Explore Ireland’s Most Beautiful Locations for an unforgettable vacation
Now that Christmas is well and truly behind us, we all need something to look forward to. There’s no better way to beat the January Blues than booking a holiday so now’s the perfect time to start planning your next break. With so much beautiful scenery, Ireland is a truly magical destination and we’ve made a list of Ireland’s Most Beautiful Locations that you won’t want to miss.
Cliffs of Moher
With over a million visitors a year, The Cliffs of Moher are Ireland’s most popular attraction. They were named a UNESCO Global Geopark and it’s easy to see why, with some of the most breathtakingly beautiful views you’ll find anywhere in the world. Standing up to 702 ft above sea level, they stretch for 5 miles along the Atlantic coast of County Clare. On a clear day you can Dingle Peninsula to the South, the Aran Islands to the West and the mountains of Connemara to the North. They also offer some wonderful flora and fauna and if you’re lucky you might even spot a puffin or a peregrine falcon.
The Burren, Co. Clare
The nearby Burren is one of Ireland’s most unique geological landscapes. Unlike the abundant green of much of the rest of the country, this moon-like area is made up mostly of soluble rock, like limestone, which was dissolved over millions of years to form a rugged karst landscape. It has over 200 caves with underground waterfalls and stalactites and stalagmites and is also home to a vast array of plants, including ¾ of all the flower and plant species in Ireland.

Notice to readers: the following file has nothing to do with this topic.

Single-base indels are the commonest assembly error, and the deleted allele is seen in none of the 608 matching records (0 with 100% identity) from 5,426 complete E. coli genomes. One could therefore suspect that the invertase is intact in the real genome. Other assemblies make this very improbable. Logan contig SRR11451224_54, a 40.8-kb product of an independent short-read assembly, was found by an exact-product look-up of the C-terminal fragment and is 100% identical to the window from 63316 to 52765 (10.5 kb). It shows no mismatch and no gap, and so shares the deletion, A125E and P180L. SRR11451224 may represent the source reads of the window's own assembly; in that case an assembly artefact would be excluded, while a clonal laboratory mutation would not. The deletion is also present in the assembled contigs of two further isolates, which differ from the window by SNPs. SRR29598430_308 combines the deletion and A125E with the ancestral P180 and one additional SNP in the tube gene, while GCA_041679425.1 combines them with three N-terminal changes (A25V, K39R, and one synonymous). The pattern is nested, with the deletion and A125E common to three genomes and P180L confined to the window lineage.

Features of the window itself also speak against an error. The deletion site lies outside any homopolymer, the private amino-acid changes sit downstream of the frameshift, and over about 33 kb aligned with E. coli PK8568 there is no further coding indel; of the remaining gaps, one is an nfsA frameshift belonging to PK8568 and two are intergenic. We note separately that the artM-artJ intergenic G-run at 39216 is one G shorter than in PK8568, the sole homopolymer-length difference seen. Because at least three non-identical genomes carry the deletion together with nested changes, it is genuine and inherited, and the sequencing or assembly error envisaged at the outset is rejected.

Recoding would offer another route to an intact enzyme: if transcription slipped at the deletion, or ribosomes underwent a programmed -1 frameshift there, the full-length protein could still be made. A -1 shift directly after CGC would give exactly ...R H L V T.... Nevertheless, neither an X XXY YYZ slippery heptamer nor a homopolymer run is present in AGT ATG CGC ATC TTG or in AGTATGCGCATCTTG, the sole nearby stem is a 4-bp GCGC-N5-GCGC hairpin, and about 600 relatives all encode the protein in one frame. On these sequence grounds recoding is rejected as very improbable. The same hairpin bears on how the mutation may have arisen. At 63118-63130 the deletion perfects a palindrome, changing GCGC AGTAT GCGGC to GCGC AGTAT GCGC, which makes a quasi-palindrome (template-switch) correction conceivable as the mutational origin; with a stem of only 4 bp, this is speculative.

The Ring of Kerry
Enjoy a drive around 111 miles of some of the most stunning scenery in Ireland. Kerry is known as “The Kingdom” and it certainly lives up to its name. With rolling green fields separated by ancient stone walls, dramatic mountain roads, deep valleys, majestic waterfalls, glistening lakes, medieval stone forts, ruined castles, unspoiled beaches and the freshest of air, The Ring of Kerry is not to be missed. The whole drive takes about 3½ hours without stopping but you will definitely want to stop (a lot!) so we would recommend staying a day or two if you can.
Glendalough, Co. Wicklow
Glendalough, which is Irish for “Valley of Two Lakes”, is a glacial valley, which was formed during the Ice Age. It is the site of one of Ireland’s best-known monastic settlements, which was founded by St. Kevin in the 6th Century and has a unique air of calm, as well as outstanding natural beauty. You can still see the remains of the “Monastic City”, including churches, crosses and a round tower. With a majestic lake at the entrance, it is surrounded by a variety of walking and hiking trails of varying degrees of difficulty, but with equally beautiful views.
The Giant’s Causeway, Co. Antrim
Located on the North Coast of Northern Ireland, The other-worldly Giant’s Causeway is made up of 40,000 interlocking basalt columns, created by volcanic activity 60 million years ago. According to local legend, the area was once home to a giant named Finn McCool, who built it so that he could cross the sea to go to war with a Scottish giant called Benandoner. Famed for its outstanding natural beauty, it is also visited by a large variety of sea birds like cormorants, guillemots and razorbills. It was named a UNESCO World Heritage Site in 1986.
What to Pack for a Holiday in Ireland
An Aran Sweater
Warm in the winter and cool in the summer, Aran sweaters are perfect for all weathers, which is handy since you’re likely to encounter them all on a trip in Ireland, usually in the same day.
Some Authentic Irish Food
Any Irish person will tell you that it’s not a proper road trip without a flask of Barry’s Tea, some Tayto crisp sandwiches, a few bars of Dairy Milk and a bottle of TK Red Lemonade. If you want to be fancy with it, you could always bring a hamper full of all your favorites.